Overmedicating is a particular problem for seniors, more than half of whom take three or more medications per day. "The drug-drug interactions can be worse than the disease," says John Morley, director of geriatric medicine at the St. Louis VA Medical Center. And too often, he adds, "doctors seem to suspend common sense" when devising a treatment plan. For example, they prescribe Aricept for Alzheimer's patients and then treat a frequent side effect, urinary incontinence, with an anticholinergic like Enablex or Ditropan whose side effects include delirium, confusion, and memory loss. A current concern among public health experts is the use of antipsychotics in nursing homes to treat anxiety, confusion, and irritability, all frequently triggered by other medications. Some 22 percent of Massachusetts nursing home residents taking antipsychotics in 2009 didn't have conditions that called for these sedative-like drugs, according to a March government report. Using antipsychotics for this inappropriate purpose "has led to fatalities," says Janet Woodcock, director of the FDA's Center for Drug Evaluation and Research.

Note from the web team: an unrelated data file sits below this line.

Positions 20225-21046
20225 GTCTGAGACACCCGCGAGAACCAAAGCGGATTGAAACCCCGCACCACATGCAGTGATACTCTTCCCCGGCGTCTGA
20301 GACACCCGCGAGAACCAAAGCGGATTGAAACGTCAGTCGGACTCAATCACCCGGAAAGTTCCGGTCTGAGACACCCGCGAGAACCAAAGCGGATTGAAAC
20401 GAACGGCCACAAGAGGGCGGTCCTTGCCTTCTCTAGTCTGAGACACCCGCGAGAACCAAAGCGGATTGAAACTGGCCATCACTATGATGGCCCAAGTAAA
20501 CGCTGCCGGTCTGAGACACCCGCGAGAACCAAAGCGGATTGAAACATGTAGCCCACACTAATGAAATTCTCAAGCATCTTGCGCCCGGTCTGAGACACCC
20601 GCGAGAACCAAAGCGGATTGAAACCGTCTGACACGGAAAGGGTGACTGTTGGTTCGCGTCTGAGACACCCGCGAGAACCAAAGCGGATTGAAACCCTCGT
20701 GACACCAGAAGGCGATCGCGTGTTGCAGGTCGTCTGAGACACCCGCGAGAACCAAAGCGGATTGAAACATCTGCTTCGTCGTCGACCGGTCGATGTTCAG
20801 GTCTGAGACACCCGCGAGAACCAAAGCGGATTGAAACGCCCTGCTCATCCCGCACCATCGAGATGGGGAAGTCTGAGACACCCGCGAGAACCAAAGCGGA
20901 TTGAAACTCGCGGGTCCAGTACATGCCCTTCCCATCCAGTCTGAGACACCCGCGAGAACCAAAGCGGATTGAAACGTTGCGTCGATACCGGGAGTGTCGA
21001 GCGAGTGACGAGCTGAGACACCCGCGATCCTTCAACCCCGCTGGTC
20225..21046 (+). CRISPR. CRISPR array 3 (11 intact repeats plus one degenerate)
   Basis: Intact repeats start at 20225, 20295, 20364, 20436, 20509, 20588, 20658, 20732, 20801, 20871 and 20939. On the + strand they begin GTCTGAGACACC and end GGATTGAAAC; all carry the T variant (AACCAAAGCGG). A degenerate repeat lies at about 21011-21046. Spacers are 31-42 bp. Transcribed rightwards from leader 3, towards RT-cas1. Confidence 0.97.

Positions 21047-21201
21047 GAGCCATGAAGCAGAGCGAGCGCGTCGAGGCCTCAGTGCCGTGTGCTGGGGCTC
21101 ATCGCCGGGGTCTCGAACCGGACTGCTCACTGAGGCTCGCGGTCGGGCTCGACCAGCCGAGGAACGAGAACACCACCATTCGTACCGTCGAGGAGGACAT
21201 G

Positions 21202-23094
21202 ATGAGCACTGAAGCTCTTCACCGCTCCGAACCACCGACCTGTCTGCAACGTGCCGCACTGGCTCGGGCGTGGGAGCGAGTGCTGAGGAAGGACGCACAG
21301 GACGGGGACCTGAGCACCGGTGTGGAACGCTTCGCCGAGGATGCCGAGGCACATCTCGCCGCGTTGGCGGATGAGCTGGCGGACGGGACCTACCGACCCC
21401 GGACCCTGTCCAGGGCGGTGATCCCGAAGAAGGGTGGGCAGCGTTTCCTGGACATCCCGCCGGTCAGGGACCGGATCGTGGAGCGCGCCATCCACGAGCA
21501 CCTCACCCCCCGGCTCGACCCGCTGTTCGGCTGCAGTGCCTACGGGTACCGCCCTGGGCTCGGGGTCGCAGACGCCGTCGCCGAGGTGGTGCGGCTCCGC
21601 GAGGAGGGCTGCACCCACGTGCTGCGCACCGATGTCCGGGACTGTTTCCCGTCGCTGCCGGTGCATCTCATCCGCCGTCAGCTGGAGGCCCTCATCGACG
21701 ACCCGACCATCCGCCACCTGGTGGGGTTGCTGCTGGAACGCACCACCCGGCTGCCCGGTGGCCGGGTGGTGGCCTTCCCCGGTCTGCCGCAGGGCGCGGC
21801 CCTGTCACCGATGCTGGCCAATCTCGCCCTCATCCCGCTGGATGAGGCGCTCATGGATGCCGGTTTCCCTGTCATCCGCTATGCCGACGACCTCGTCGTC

The trend toward treating mild conditions with strong drugs is evident in younger people, too. Millions with mild heartburn, for example, regularly rely on proton pump inhibitors intended for tough cases despite a recent FDA warning about an increased risk of hip, wrist, and spine fractures. "About 60 to 70 percent of people taking these drugs shouldn't be on them," says San Francisco Public Health Director Mitchell Katz. Antidepressants "have migrated from useful, effective treatments for those with major depression to unnecessary treatments for those who are just a little down in the dumps," says Jerry Avorn, a professor of medicine at Harvard Medical School and author of Powerful Medicines. This is despite recent evidence showing that, while the drugs may be life-transforming for people with major depression, they work no better than a placebo for mild or moderate cases. Commercials that invite you to try a pill if "you feel alone" have fueled consumer demand, and studies have shown that patients' requests for medication influence what physicians prescribe.